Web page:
“We offer hope. We are convinced we can reach peace, national and social equality, social justice. To that end, there has to be a democratic camp that will lead to a new place. You can’t make the change without the Arab population, but the Arab population isn’t enough. Let’s walk together,” he urged.
But minutes later, facing Liberman’s accusations that he was “a fifth column” that wanted “to destroy Israel from the inside,” he staunchly refused to repudiate the most egregious statements, including in support of terrorism, made by some of the more radical members of his diverse list.
Odeh is no firebrand, but he leads a list that includes, both as candidates and voters, staunch Palestinian nationalists in Balad, not to mention Islamic ideologues from the Ra’am faction. A secular socialist himself, he must tread carefully on the national stage in an effort to keep — and to mobilize — a deeply divided ideological base, and to sell previously disinterested Arab Israelis on the desirability of a strong, influential Arab political presence in the Knesset.
At one point in the debate, Odeh asked Shas’s Deri whether Shas and the United Arab List could work together to help those Deri calls Israel’s “transparent,” its poor and marginalized. His own electorate, Odeh suggested, was “even more transparent.”
Odeh’s turn to Deri was not accidental, and Deri’s careful response showed he understood what was at stake in their exchange. Shas has a surprising history of drawing votes from poorer sections of the Arab community, especially Bedouins in the Negev, whose interests, such as increased subsidies for large families, are identical to those of Shas’s ultra-Orthodox base. Odeh’s question, then, was an appeal to Shas-voting Arabs — though neither leader was comfortable openly acknowledging that they have overlapping constituencies.
Deri’s response neatly skirted the problem, and highlighted Odeh’s complicated position at the helm of an unwieldy cacophony of ideologues.
“I know the situation in the Arab sector,” Deri said, adding that he has visited Bedouin towns and Arab villages in the north. But Arab lawmakers, he accused, “have been more interested in the Palestinian issue than in the needs of Israeli Arabs. If that changes, we could have something to talk about.”
It was an elegant parry that did not break Deri’s overarching message: “Everyone here represents the middle class but forgets the poor. I tour the country, the real land of Israel. I see the closed factories, the simple workers that a sated Israel doesn’t care about.”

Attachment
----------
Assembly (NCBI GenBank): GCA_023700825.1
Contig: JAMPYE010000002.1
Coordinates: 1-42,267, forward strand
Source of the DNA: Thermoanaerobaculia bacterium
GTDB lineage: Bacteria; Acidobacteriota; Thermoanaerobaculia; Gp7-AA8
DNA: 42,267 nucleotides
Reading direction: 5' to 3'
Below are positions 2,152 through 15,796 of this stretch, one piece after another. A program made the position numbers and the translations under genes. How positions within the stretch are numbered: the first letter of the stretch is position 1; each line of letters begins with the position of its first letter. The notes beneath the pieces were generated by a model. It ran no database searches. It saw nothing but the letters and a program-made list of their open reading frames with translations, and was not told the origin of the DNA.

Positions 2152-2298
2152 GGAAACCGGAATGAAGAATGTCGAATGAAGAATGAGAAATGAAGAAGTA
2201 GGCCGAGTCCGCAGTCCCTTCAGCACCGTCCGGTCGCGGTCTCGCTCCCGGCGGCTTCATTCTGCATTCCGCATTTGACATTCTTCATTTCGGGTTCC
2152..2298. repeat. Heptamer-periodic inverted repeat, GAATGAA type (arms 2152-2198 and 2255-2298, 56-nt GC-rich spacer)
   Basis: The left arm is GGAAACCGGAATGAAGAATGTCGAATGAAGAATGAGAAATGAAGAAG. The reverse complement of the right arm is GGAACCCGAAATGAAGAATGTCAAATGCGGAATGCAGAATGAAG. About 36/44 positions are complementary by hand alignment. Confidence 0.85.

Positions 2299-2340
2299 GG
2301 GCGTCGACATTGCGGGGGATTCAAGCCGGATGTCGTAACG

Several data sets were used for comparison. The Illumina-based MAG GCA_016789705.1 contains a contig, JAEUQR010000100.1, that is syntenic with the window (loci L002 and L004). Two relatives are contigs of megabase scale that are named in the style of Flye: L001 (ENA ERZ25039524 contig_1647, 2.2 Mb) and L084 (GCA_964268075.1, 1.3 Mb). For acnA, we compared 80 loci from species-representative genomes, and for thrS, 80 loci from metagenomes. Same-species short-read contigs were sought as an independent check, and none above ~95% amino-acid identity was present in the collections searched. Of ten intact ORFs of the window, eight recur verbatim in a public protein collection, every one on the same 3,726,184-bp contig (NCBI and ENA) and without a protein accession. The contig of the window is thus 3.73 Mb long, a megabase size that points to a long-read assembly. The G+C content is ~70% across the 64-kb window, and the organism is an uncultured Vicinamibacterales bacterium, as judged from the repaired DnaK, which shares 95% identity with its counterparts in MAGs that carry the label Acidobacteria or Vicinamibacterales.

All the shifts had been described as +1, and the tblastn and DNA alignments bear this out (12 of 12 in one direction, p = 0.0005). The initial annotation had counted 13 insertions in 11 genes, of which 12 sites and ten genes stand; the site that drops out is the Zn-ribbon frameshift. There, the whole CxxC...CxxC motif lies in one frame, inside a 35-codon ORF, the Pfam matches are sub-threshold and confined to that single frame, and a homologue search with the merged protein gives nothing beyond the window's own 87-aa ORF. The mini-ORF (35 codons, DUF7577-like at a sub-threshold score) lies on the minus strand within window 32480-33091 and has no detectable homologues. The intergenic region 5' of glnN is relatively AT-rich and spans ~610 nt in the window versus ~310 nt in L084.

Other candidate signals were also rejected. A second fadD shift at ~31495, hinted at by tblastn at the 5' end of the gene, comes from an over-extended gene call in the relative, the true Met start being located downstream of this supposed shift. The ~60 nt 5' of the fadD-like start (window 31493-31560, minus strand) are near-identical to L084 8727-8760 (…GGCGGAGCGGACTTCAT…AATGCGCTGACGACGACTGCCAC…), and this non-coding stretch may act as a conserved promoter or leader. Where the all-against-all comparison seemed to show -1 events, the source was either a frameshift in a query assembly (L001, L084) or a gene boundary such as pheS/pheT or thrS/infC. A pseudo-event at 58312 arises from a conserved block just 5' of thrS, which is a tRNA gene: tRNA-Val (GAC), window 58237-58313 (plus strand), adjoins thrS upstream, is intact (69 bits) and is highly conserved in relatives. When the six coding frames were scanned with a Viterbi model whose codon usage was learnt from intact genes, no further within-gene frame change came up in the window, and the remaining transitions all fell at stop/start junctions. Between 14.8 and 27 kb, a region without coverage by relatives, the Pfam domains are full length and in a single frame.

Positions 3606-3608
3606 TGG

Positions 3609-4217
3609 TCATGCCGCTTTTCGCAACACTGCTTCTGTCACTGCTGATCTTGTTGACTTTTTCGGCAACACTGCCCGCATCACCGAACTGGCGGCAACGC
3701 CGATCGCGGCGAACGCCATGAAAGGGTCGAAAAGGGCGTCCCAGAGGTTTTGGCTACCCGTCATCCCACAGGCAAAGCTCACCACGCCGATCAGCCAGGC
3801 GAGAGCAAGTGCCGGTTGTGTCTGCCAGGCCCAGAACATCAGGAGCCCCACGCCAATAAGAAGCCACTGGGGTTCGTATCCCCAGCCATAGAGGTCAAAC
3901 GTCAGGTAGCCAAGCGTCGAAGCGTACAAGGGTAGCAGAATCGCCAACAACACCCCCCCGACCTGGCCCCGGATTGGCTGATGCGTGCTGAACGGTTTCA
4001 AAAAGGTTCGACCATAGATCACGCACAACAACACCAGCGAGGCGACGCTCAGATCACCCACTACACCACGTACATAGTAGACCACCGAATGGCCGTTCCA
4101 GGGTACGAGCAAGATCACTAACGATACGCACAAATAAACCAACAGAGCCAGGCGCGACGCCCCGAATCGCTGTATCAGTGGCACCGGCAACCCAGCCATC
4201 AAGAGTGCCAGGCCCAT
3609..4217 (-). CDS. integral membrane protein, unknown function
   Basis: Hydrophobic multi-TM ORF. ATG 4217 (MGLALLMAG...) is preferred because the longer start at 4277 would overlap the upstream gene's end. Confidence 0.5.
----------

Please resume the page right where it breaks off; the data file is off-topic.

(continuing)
It was an impassioned and tactically brilliant performance, the Aryeh Deri whose political skills have long been the stuff of legend among political analysts.
But then Deri fell flat. Turning to Naftali Bennett, he demanded to know why Jewish Home had rejected the candidacy of soccer star Eli Ohana, a secular Sephardi cultural hero. Ohana, Deri charged, was kicked out of the right-wing religious party because of his eastern roots.
Ayelet Shaked, Jewish Home’s #3, had told party activists that she’d heard Ohana was “intelligent,” Deri reminded Bennett. “How long will we have to live with that arrogance, with being rated as ‘intelligent?’” he demanded.
“What kind of question is that?” Bennett retorted. “Ayelet Shaked is half-Iraqi. Number 2 on our list is [Morocco-born] Eli Ben-Dahan. I reject the question.”
Bennett’s answer was short and devastating — and as predictable as the sunrise. It left Deri visibly flustered and stuttering. The Shas leader had fallen into the same trap as the other candidates. He had brandished a talking point that was only really meant to be used in one-way communications, in a press release or Facebook video, not for a two-way conversation where it could be challenged with well-known facts.
Bennett had another success — again largely driven by his opponents’ clumsy attacks.
Meretz leader Zahava Gal-on seemed to act as her own worst enemy in the debate, as she reiterated her campaign’s key message, that a vote for Zionist Union’s Isaac Herzog could mean a vote for another Netanyahu government, since the two were willing to sit together in a unity coalition.